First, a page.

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“Human” Comment Spammer

Wow, I’ve just received my first batch of comment spam from a real “person” (if spammers are to be considered people.) It’s all from the IP address of, which is in China. The first hit was this morning at 2:03am. “ – – [13/Mar/2007:02:03:31 -0500] “GET /journal/2007/02/08/powered-by-wordpress-directory/ HTTP/1.1” 200 5080 “” “Mozilla/4.0 (compatible; MSIE 6.0; Windows NT 5.1; SV1)”

So, he started out by googling for “Powered by WordPress.” Then he actually visited my web site (the home page, another blog entry, my jokes listing, a few jokes, back to the blog, submitted comments on several entries, then left at 2:48. So, he spent 45 minutes on my site, for no real purpose. I guess this is the next wave of things to fight against.

This clickstream would have defeated Bad Behavior. And Akismet missed all of the comments as well. A human would have gotten past a CAPTCHA or math question. Hmmm, adding all of ChinaNet to the firewall? That would only work until the spammers use infected Windows machines as proxies, so it looks like they are surfing from the US.


  1. Ron says:

    Thing is, when does manual commenting become spam? Is my comment here spam? What constitutes a comment being unworthy?

    Is it the actual content? I suppose if your chinese visitor posted just lists of links, that would be spam, regardless if it was posted manually. If he posted questions or comments, and just had a link in his name (like this post) – is he spamming or commenting?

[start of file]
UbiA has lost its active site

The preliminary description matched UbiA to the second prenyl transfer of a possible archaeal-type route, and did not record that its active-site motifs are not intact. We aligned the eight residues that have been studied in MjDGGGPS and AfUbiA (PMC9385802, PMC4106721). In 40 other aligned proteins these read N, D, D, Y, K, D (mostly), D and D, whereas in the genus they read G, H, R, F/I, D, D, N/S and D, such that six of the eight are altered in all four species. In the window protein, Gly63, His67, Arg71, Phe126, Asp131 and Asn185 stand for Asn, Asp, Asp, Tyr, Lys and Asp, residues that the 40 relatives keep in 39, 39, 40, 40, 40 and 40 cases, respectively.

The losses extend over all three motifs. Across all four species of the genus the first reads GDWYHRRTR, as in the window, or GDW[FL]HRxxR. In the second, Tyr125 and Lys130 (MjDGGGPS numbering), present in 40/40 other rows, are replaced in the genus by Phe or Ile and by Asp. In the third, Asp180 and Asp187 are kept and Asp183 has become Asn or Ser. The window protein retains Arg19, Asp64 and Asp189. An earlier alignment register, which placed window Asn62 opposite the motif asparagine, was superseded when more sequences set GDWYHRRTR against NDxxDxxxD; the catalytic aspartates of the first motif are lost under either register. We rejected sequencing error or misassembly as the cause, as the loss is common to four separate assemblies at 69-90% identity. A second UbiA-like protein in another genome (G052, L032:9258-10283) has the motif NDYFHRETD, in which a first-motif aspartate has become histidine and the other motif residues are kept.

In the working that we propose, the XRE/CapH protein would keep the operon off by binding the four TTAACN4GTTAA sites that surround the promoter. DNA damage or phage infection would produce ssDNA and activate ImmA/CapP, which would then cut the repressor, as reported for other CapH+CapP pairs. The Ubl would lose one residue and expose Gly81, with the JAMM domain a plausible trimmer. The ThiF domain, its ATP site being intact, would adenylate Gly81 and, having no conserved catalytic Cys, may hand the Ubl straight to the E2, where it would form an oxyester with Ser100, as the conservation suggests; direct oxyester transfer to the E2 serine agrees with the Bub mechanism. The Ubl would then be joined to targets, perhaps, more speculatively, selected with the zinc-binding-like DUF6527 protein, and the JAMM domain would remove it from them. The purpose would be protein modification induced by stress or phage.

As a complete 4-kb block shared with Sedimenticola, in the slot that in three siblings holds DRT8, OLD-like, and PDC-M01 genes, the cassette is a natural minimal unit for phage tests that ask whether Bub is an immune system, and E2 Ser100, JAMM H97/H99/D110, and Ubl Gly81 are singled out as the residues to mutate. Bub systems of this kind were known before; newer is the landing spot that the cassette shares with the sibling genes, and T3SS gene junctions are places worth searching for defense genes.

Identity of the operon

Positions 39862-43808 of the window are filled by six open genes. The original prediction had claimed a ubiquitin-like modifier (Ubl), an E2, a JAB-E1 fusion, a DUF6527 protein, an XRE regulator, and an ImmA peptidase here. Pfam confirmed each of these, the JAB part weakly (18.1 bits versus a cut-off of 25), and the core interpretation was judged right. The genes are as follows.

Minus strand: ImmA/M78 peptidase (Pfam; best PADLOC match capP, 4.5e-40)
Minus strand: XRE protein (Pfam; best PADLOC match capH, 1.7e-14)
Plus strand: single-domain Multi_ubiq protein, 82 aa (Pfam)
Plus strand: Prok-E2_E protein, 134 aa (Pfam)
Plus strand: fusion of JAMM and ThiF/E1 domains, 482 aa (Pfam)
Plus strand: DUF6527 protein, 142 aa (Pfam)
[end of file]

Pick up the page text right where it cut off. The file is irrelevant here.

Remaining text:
2. Hi Ron, Your message was right on the edge of spam due to two things:

    1. The email address you left was for a mortgage refinance company.

    2. The URL you left a link to was to a Squidoo lens that was highly questionable.

    Defining spam comments is like pornography. I can’t necessarily define it, but I know it when I see it. And links to “bad” sites, source IP addresses that resolve to “bad” countries, and email addresses that are “bad” all help add up to a “bad” comment.

  3. Dan says:

    I was getting the same garbage. Even with a captcha plugin and a gatekeeper question to only get “humans”, I kept getting tons of it. Finally, I just started watching the IP’s of the spammers, and outright banned their entire subdomains via my webhost. I doubt I lost too many readers, as I feel confident I’m not widely regarded in China. =P

  4. Peter says:

    I get some of “human” spammers as well on my blogs. I guess it’s just part of the game. What to do about it? Add it to my daily chore…

  5. Nowak says:

    This kind of spam will definetelly grow since spammers realize that a few comments on highly valued blogs is better than hundreds of comments on blogs that are seldom visited.

    From my experience however, blogs allowing instant commenting get more and better comments, hence better and more viral content in the long run. After all, if you spend time writing a comment you don’t want it to be trown away.

    CAPTCHA does fairly good job of stopping hte most obvious. But one should think twice before taking more drastic measures.

  6. Rosie Manning says:

    Well, it’s not fair to block ChinaNet. Not everyone is a spammer but it does create a bad image to ChinaNet nonetheless.

    Not many people would actually waste their time to comment spam manually because it’s simply too time consuming.

    For me, I would just block the IP Address using .htaccess. Anyways, I don’t really get much traffic from China…mostly from US šŸ™‚

  7. Nowak says:

    Time consuming, yes. But think of much smaller wages in, for example, China.

  8. Tony Tsai says:

    I think if someone tries to spam with “manual” labor…. he has way too much time in hand…LOL